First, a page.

Fueling my newfound passion, I delved into the science of neurological conditions. In 2013, I crafted the groundbreaking Pilates for Neurological Conditions training program. Shortly thereafter, my business partner and I opened The Neuro Studio, an oasis of support and guidance. From disease-specific training to symptom-specific programs, we sought to empower both patients and fitness instructors alike. To date, I’ve proudly shared my knowledge with over 700 instructors—synergizing our efforts to help those with MS, Parkinson’s, and other neurological conditions.

Sadly, in the vast realm of medicine, the significance of exercise in preventing MS-related symptoms and disability often falls on deaf ears. Physical therapy for MS patients is rare and usually cursory at best. But before you slump into despair, fear not! Exercise may not be a magical cure, but it sure packs some powerful punches. By diligently working on balance and strength, you can combat pesky symptoms like leg weakness, foot drop, and balance issues. It’s your secret weapon against the relentless march of MS.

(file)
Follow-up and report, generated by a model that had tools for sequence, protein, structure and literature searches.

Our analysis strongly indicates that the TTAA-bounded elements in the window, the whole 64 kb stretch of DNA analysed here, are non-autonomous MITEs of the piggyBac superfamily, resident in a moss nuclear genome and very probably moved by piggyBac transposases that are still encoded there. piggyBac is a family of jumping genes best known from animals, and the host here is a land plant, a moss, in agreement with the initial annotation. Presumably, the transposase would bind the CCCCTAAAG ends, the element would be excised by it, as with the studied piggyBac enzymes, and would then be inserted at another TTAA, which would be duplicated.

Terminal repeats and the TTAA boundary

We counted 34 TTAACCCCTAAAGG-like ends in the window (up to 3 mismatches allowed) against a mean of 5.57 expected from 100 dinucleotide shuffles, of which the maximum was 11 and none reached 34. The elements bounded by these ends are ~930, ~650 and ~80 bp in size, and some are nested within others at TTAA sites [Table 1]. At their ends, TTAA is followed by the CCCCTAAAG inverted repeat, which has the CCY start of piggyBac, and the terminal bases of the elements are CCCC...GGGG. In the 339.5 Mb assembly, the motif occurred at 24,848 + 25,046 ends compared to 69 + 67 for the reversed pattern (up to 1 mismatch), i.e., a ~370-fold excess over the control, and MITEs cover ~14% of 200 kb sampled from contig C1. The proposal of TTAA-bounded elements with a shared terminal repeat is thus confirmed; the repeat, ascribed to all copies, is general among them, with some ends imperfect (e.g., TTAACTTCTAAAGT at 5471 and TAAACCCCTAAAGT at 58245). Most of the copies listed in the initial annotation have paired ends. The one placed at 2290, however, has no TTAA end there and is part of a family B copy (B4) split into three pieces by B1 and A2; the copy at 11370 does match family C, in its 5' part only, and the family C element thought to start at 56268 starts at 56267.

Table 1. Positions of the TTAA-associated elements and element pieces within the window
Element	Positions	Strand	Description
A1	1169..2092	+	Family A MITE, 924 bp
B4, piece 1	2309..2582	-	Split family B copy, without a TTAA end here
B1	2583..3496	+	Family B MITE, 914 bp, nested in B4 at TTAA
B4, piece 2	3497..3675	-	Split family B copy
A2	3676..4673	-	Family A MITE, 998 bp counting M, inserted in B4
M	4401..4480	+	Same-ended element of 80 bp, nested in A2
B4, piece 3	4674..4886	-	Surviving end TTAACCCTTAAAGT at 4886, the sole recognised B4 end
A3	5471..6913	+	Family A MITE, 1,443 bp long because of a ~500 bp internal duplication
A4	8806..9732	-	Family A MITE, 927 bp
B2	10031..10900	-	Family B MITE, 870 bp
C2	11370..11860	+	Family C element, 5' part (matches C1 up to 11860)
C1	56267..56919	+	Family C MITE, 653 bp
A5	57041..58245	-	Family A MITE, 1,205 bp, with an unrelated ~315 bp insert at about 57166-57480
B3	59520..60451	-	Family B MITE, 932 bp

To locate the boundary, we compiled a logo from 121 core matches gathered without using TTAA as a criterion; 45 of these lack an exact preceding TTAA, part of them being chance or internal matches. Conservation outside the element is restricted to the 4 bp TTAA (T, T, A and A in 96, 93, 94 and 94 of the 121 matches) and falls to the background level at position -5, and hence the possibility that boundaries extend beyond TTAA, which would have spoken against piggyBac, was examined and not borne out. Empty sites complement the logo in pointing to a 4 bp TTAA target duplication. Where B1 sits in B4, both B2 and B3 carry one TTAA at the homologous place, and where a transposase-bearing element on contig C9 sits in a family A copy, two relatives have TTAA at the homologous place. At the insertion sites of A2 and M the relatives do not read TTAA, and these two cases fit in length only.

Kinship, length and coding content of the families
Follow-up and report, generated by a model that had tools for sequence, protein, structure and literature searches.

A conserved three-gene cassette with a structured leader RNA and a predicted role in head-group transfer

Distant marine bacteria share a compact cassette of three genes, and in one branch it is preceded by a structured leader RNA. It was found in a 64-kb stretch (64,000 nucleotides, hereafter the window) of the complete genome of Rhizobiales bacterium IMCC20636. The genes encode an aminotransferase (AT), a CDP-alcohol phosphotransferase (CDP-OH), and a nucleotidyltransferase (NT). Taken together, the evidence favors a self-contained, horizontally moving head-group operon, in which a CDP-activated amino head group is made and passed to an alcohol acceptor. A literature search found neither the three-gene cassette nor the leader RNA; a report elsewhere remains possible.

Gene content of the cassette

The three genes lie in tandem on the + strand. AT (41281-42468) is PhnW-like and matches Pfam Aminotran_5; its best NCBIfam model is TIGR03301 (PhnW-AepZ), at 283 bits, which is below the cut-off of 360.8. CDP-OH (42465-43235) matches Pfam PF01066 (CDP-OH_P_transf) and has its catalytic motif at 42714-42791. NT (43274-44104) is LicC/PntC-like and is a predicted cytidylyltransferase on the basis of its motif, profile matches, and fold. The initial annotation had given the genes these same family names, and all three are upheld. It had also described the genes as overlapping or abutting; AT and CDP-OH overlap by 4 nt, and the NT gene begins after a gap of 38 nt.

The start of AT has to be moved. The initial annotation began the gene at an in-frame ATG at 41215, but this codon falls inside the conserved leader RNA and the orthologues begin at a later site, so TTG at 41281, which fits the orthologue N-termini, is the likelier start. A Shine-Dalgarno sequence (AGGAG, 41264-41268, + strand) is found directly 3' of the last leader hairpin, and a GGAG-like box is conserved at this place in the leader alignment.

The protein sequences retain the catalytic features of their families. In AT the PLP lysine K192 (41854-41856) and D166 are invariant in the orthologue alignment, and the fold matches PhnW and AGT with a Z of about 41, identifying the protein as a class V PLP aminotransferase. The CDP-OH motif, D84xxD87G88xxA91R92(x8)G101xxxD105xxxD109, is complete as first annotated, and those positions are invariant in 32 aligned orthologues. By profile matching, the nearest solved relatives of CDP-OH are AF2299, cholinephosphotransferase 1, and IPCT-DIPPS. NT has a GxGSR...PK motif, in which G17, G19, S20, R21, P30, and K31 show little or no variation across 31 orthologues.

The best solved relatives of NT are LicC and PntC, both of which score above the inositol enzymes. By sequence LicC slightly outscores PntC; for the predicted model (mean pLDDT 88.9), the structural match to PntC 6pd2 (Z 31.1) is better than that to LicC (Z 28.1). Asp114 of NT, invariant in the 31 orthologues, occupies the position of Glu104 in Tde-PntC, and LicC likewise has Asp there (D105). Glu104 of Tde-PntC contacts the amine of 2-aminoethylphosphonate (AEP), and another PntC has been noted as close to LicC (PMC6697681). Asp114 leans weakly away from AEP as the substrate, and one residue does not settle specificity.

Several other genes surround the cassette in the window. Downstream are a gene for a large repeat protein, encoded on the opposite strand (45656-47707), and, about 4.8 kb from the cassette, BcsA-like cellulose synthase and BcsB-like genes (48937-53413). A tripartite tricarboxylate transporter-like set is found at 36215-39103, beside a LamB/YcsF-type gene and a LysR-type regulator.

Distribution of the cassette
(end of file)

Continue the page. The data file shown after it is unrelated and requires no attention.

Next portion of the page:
So here I am—a self-proclaimed reluctant advocate. I’ve come full circle, from avoiding others with MS to crossing paths with hundreds of them. My life’s mission now revolves around helping people with neurological disabilities reclaim their strength and lives. Let this be an invitation—a gentle nudge—for you to join me on this journey. Together, we can keep MS on its toes and face every day with resilience and unwavering determination.

Mariska Breland, Co-owner of, Researcher, and Creator of Pilates for Neurological Conditions